Library History

Library Building Design Information

Opened in 1891, the library was originally located in the Woodstock Opera House. The library moved to its Judd Street location in 1959. The 4000 sq ft building was designed by local architect William Fyfe, a former student of Frank Lloyd Wright. The brick pillars throughout the reference area are from the 1959 building.

The library underwent two more expansions in 1966 (Fyfe, architect) and in 1987. The 1987 expansion by the architectural firm of O'Donnell Wicklund Pigozzi of Deerfield increased the library size to nearly 23,000 sq. ft. and added upper and lower levels to the building. Originally the Children’s Room and a meeting room were located in the lower level and the adult nonfiction and reference collections were on the upper level.  The entrance to the building was moved to the west side, from the parking lot, instead of the original front door location on Judd Street with a back entrance from the north side driveway.

The 2001 expansion of the library by Frye Gillan Molinaro Architects of Chicago retained the upper and lower levels of the 1987 building and the brick pillars from the 1959 building. The 43,000 sq. ft. revision of the library moved the Children’s Room to the main floor of the library, and provides a variety of meeting spaces from study rooms to meeting rooms.

The antique oak tables located in the Margaret Marchi Reading Room are from the library’s first days in the Woodstock Opera House in the 1890s. The slanted table and benches in the Children’s Room and several adult fiction display stands are from the 1959 and 1966 renovations.  Much of the upper level furniture is from the 1987 addition. The two large portable display cases are new, created for the library by John Scharres, Managing Director of the Woodstock Opera House.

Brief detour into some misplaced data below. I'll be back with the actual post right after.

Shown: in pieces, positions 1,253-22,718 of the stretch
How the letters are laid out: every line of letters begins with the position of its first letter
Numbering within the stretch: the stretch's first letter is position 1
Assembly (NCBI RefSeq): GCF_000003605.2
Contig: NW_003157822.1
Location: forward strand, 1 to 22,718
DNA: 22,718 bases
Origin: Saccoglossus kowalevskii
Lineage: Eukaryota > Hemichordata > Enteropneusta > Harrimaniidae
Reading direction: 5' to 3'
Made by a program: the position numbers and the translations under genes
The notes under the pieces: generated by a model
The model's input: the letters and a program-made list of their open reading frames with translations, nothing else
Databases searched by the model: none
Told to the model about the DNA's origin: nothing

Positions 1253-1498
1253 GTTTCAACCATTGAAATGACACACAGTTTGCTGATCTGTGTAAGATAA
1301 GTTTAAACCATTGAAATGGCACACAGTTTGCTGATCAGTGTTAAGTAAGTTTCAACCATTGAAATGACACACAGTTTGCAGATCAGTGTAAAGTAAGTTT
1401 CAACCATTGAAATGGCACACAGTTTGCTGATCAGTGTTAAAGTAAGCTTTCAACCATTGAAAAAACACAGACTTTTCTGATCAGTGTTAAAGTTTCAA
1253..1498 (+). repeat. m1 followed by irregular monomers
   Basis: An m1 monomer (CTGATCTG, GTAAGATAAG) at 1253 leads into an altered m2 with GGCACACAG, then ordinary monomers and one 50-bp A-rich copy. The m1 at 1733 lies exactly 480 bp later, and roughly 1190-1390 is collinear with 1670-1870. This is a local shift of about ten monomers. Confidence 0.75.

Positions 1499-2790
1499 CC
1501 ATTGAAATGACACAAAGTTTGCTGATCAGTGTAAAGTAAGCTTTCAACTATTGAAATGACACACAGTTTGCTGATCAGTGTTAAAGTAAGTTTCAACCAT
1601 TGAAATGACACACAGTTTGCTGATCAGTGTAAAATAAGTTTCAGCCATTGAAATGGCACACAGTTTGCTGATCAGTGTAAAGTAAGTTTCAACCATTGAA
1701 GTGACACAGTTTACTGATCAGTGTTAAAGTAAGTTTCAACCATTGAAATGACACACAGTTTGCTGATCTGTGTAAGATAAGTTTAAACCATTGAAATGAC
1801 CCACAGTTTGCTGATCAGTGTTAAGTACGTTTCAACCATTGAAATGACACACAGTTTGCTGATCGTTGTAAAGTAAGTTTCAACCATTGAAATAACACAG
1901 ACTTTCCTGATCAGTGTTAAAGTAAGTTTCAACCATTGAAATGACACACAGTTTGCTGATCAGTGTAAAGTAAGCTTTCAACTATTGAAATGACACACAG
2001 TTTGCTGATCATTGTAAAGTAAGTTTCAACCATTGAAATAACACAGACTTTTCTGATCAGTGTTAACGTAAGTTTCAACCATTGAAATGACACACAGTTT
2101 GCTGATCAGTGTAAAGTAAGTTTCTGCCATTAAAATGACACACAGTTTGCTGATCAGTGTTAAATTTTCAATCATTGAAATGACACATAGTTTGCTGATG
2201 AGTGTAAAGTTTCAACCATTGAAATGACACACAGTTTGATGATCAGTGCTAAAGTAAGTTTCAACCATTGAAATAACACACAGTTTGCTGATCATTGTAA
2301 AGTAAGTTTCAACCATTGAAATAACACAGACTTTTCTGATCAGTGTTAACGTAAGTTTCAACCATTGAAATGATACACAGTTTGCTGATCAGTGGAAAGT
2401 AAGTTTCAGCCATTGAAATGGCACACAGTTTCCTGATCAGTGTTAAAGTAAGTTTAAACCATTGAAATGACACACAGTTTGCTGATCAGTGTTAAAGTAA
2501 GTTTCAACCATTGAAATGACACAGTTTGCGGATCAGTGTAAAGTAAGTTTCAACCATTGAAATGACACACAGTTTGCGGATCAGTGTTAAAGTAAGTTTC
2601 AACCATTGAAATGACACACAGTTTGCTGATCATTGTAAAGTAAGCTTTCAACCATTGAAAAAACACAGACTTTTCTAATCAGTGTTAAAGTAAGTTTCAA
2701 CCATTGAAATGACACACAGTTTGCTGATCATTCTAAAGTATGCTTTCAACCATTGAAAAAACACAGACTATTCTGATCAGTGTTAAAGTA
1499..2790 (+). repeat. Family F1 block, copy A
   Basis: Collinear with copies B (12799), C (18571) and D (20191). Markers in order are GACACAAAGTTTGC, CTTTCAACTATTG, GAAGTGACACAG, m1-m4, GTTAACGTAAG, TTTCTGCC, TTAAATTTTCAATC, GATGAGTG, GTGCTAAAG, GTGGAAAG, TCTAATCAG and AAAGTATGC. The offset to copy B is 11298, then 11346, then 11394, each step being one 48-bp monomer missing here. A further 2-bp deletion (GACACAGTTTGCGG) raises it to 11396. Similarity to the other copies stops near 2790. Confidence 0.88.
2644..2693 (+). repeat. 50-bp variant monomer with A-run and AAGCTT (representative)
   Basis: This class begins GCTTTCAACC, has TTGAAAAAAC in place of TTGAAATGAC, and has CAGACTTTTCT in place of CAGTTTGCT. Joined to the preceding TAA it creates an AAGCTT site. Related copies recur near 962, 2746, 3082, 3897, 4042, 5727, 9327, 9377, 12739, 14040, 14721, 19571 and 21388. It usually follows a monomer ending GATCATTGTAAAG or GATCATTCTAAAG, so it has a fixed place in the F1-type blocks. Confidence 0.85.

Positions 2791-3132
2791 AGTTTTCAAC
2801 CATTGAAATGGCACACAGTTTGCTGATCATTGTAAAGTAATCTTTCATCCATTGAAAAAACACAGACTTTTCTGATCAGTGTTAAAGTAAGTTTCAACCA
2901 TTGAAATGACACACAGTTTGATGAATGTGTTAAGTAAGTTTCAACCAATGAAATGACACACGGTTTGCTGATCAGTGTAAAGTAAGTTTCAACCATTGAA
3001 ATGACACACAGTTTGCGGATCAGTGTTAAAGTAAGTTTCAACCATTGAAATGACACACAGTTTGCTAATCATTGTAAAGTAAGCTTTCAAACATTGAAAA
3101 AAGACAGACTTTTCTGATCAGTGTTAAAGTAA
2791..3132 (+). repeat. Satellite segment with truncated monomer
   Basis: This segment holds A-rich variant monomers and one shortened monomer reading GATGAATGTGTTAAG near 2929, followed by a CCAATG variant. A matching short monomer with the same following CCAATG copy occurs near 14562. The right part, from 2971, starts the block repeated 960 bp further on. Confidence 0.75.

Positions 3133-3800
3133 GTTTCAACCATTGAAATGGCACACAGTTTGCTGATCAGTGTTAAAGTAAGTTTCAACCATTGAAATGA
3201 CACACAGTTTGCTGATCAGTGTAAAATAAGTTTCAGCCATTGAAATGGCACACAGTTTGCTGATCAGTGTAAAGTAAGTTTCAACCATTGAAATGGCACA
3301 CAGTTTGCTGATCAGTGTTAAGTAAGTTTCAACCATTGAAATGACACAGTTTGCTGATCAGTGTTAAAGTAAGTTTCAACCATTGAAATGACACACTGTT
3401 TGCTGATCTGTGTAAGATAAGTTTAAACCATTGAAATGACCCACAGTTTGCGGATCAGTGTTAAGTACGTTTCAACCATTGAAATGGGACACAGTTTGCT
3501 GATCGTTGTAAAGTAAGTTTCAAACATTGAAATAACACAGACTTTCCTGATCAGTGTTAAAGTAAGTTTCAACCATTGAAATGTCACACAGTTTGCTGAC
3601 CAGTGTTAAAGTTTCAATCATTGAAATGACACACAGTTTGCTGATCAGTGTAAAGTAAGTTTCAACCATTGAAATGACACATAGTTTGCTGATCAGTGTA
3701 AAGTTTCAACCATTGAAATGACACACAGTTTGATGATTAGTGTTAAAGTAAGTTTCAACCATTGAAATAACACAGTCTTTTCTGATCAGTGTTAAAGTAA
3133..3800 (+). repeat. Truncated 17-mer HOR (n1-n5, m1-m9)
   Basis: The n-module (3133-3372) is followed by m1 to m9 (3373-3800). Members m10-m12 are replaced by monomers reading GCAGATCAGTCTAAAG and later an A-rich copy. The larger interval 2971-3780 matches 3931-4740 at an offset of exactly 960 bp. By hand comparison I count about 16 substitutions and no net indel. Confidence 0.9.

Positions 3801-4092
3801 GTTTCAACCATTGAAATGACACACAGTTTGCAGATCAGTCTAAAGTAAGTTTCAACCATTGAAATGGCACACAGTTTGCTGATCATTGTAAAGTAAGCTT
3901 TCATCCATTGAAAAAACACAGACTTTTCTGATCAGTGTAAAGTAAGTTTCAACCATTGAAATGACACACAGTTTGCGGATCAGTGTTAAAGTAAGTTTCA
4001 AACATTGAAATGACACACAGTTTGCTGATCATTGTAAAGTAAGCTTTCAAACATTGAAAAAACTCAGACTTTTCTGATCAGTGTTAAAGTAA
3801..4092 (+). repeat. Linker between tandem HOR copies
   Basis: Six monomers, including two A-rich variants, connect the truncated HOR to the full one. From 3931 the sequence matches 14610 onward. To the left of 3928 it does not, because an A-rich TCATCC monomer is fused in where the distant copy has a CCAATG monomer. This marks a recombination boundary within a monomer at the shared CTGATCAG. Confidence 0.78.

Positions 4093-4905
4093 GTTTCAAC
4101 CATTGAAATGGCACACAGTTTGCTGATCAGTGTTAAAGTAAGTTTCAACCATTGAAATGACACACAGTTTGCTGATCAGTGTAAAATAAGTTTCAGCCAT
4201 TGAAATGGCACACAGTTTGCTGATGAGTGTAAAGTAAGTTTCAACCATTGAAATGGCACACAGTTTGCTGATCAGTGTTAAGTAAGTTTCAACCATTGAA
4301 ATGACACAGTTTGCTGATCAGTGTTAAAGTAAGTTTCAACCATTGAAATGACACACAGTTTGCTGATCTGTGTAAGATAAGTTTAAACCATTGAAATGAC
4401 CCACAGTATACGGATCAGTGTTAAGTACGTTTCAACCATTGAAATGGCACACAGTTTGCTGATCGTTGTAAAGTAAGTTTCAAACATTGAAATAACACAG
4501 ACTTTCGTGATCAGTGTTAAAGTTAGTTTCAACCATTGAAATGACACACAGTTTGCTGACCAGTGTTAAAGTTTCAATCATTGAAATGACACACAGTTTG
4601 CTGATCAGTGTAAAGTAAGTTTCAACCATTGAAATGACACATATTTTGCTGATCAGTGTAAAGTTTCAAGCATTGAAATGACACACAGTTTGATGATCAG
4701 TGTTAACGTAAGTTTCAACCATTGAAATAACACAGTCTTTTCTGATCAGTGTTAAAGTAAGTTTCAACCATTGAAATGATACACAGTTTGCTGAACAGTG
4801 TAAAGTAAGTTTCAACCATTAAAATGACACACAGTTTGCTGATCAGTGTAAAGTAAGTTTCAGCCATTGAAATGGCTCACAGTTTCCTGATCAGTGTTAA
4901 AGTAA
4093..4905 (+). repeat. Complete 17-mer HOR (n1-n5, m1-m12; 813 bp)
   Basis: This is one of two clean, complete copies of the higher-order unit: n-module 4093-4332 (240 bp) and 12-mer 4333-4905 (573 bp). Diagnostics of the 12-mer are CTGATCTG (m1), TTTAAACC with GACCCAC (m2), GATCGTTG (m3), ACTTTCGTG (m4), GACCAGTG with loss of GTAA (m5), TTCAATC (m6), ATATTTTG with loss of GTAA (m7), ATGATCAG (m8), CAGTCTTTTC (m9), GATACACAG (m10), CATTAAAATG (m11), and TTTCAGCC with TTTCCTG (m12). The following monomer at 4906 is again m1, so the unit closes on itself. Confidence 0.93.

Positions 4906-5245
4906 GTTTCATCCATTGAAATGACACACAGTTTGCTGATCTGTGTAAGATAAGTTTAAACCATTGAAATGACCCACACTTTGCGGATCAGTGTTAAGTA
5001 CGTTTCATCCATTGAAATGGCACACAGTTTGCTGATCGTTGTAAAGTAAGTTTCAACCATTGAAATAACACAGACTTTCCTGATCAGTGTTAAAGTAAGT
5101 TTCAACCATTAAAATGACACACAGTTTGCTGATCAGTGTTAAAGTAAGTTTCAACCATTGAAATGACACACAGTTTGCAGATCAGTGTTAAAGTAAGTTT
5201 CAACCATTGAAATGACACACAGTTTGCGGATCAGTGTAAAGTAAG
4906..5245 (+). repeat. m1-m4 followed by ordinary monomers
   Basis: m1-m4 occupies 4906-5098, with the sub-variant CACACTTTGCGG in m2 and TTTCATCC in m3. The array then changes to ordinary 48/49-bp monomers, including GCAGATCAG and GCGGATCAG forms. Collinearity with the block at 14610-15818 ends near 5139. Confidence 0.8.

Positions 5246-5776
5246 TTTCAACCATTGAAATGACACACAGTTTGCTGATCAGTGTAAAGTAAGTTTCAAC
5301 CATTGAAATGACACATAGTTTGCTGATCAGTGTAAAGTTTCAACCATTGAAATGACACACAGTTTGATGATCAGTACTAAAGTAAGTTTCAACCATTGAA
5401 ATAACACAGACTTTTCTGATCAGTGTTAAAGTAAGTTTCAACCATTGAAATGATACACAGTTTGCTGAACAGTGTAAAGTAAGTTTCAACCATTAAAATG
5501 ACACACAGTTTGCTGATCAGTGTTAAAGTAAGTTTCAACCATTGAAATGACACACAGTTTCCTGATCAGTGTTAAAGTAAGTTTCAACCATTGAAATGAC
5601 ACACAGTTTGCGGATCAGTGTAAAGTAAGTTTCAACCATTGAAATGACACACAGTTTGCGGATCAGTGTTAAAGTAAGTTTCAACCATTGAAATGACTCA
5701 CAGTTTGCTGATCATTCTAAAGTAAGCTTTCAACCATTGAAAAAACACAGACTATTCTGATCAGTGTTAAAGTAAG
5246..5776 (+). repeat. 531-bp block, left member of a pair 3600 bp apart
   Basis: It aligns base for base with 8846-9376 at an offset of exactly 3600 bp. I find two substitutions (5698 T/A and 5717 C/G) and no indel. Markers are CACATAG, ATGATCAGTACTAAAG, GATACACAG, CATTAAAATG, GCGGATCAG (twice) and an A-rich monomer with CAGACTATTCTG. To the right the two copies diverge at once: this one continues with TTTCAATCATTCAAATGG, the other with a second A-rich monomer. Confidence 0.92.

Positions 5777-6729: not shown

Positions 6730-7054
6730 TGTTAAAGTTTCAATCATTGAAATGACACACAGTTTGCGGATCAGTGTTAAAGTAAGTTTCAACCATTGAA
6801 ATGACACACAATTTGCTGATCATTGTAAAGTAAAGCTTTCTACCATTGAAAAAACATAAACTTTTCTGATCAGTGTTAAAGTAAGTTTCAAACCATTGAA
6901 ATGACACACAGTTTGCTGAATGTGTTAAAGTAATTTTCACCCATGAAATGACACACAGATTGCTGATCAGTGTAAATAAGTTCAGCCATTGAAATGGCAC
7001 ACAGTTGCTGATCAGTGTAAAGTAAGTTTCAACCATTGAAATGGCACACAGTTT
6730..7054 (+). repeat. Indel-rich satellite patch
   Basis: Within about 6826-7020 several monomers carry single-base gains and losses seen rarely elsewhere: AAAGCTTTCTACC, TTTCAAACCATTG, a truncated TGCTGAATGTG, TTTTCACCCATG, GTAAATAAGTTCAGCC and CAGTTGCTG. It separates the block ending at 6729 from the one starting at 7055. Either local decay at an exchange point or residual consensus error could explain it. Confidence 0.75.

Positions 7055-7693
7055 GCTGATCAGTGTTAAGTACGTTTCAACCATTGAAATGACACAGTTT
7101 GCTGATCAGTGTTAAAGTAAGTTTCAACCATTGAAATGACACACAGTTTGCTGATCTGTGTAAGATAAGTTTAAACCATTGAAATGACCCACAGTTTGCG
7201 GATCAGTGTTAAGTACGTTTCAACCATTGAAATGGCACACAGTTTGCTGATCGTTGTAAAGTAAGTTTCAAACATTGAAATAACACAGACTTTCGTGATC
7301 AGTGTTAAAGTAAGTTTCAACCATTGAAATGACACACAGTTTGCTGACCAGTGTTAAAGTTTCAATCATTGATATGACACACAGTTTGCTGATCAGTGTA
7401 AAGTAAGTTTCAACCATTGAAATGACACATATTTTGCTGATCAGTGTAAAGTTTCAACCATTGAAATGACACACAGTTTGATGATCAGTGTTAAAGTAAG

WoodstockPublicLibrary's Historical Photographs of the Library photoset WoodstockPublicLibrary's Historical Photographs of the Library photoset


March 23, 2011 marked the 120th Anniversary of the official opening of the Woodstock Public Library.



The Woodstock Public Library officially opened for business on March 23, 1891

The original library was located in the Woodstock Opera House (then called City Hall). In 1891, the city's population was 1,893 and library had just over a 1,000 books on its shelves. The foundation of the library's early book collection was donated to the City of Woodstock by the two private subscription library organizations: the Woodstock Literary & Library Association and the Young Men's Literary Society.

Some notable dates and statistics in the Woodstock Public Library's history:

1931 - 37,671 books checked out. City population 5,471

1971 - 96,756 books checked out. Collection size is 31,501  City population 10,266 

2010 - 329,404 items checked out. Collection size is 127,401 items. City population 24,770
 1927 Photograph of the Woodstock Public Library

March 23 1891 - Woodstock Public Library, located in two rooms in the Woodstock City Hall (now called Woodstock Opera House), is formally opened with a ceremony.